Abou Ben Adhem

by LEIGH HUNT (1784-1859)

Read by Peter Yearsley for Librivox

Abou Ben Adhem (may his tribe increase!)
Awoke one night from a deep dream of peace,
And saw, within the moonlight of his room,
Making it rich, and like a lily in bloom,
An angel writing in a book of gold:—

Exceeding peace had made Ben Adhem bold,
And to the presence in the room he said,
‘What writest thou?’— The vision raised its head,
And with a look made of all sweet accord,
Answered ‘The names of those who love the Lord.’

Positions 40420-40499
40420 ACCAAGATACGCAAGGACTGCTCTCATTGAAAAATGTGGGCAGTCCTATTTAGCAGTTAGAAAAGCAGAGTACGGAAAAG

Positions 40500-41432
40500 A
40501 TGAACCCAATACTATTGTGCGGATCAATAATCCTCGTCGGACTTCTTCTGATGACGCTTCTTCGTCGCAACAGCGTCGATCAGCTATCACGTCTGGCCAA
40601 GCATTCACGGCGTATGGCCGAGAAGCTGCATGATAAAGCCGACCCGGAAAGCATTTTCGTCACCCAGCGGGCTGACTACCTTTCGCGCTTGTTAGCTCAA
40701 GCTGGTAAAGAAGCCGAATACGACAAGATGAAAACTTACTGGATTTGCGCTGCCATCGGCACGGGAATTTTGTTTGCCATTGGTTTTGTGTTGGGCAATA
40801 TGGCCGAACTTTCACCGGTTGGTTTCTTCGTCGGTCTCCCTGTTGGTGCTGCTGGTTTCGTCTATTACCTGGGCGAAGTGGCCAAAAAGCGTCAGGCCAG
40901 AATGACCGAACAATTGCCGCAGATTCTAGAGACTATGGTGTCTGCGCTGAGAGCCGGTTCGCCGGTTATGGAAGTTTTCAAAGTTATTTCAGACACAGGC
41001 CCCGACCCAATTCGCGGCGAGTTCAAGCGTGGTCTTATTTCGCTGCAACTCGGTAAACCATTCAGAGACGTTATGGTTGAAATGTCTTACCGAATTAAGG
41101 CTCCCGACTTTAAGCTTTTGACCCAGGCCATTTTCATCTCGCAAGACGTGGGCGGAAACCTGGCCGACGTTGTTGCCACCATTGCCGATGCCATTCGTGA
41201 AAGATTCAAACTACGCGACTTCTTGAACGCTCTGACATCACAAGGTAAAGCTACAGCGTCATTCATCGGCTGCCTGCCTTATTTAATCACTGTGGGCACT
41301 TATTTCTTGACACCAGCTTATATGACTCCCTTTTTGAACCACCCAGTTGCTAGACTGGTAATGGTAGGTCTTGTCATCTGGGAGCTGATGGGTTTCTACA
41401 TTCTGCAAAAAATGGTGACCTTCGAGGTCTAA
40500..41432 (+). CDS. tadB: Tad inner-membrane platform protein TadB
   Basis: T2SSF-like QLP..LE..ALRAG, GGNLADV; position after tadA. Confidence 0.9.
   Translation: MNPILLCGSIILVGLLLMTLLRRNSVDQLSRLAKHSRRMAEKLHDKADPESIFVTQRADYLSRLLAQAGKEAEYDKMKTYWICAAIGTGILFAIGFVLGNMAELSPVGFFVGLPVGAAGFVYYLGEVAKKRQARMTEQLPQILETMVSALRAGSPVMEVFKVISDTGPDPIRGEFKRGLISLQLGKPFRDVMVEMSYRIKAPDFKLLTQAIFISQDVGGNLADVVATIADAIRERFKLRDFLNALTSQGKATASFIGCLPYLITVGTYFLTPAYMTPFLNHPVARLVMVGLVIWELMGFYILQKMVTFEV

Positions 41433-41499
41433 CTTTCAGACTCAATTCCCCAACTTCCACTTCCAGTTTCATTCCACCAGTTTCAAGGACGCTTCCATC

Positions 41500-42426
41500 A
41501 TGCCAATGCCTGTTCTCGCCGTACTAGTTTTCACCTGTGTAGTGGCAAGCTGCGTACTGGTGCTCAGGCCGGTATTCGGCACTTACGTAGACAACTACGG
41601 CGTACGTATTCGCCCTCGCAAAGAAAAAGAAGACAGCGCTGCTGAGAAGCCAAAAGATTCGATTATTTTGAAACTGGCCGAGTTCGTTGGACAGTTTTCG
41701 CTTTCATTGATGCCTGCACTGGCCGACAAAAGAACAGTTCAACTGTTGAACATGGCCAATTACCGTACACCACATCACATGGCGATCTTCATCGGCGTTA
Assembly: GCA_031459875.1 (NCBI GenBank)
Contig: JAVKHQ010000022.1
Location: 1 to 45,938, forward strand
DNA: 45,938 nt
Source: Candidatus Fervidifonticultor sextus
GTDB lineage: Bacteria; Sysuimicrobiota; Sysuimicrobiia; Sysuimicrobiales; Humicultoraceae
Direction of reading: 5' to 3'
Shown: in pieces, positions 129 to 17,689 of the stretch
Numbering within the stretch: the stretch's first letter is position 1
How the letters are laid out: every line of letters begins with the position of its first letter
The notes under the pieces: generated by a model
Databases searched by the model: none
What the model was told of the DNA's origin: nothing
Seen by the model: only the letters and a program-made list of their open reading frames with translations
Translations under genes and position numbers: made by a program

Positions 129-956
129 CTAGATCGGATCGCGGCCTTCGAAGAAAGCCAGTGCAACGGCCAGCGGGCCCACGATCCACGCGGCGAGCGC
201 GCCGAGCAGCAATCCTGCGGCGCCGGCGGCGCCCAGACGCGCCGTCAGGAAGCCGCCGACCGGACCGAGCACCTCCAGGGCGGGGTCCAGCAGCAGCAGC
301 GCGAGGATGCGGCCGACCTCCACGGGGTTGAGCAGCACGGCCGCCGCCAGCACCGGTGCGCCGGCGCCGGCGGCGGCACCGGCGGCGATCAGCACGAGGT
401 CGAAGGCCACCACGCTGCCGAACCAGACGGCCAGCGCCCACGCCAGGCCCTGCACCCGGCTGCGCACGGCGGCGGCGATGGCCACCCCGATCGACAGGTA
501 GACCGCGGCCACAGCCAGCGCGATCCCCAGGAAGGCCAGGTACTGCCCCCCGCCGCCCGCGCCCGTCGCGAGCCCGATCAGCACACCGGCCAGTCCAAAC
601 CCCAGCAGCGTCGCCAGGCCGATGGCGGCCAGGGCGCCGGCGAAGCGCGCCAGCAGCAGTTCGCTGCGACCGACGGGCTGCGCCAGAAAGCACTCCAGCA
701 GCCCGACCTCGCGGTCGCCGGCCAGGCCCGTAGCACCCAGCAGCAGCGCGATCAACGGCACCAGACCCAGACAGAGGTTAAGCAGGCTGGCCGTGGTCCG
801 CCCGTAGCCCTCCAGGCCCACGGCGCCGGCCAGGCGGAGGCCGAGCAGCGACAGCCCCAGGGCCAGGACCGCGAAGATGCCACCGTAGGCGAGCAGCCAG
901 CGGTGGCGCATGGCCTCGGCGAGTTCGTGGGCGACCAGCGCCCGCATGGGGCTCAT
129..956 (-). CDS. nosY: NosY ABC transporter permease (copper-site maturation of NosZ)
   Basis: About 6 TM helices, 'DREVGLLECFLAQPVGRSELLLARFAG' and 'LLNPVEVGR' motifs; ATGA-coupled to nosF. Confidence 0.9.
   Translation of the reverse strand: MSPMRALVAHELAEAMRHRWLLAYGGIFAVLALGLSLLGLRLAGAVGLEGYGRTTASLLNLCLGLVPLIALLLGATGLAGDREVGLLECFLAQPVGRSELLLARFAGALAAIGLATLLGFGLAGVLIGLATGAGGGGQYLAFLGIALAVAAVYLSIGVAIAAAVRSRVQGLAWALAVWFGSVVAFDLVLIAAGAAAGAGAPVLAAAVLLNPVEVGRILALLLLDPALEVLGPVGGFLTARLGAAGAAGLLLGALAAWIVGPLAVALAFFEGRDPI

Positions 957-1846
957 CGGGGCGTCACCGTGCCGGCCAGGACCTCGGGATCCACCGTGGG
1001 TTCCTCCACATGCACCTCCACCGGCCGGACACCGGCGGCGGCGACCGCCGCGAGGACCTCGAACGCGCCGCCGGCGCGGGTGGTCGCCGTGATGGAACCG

‘And is mine one?’ said Abou. ‘Nay, not so,’
Replied the angel. Abou spoke more low,
But cheerly still; and said ‘I pray thee then,
Write me as one that loves his fellow-men.’

The angel wrote, and vanished. The next night
It came again with a great wakening light,
And showed the names who love of God had blessed,
And lo! Ben Adhem’s name led all the rest.

Edward Field

Leigh Hunt, at least in early days, found his greatest pleasure in the composition of verse, and fixed his ambitions upon becoming a fine poet…. from Leigh Hunt, by R. B. Johnson (1896)

Leigh Hunt Contemporaries
John Keats
Samuel Lover
Heinrich Heine
Pushkin

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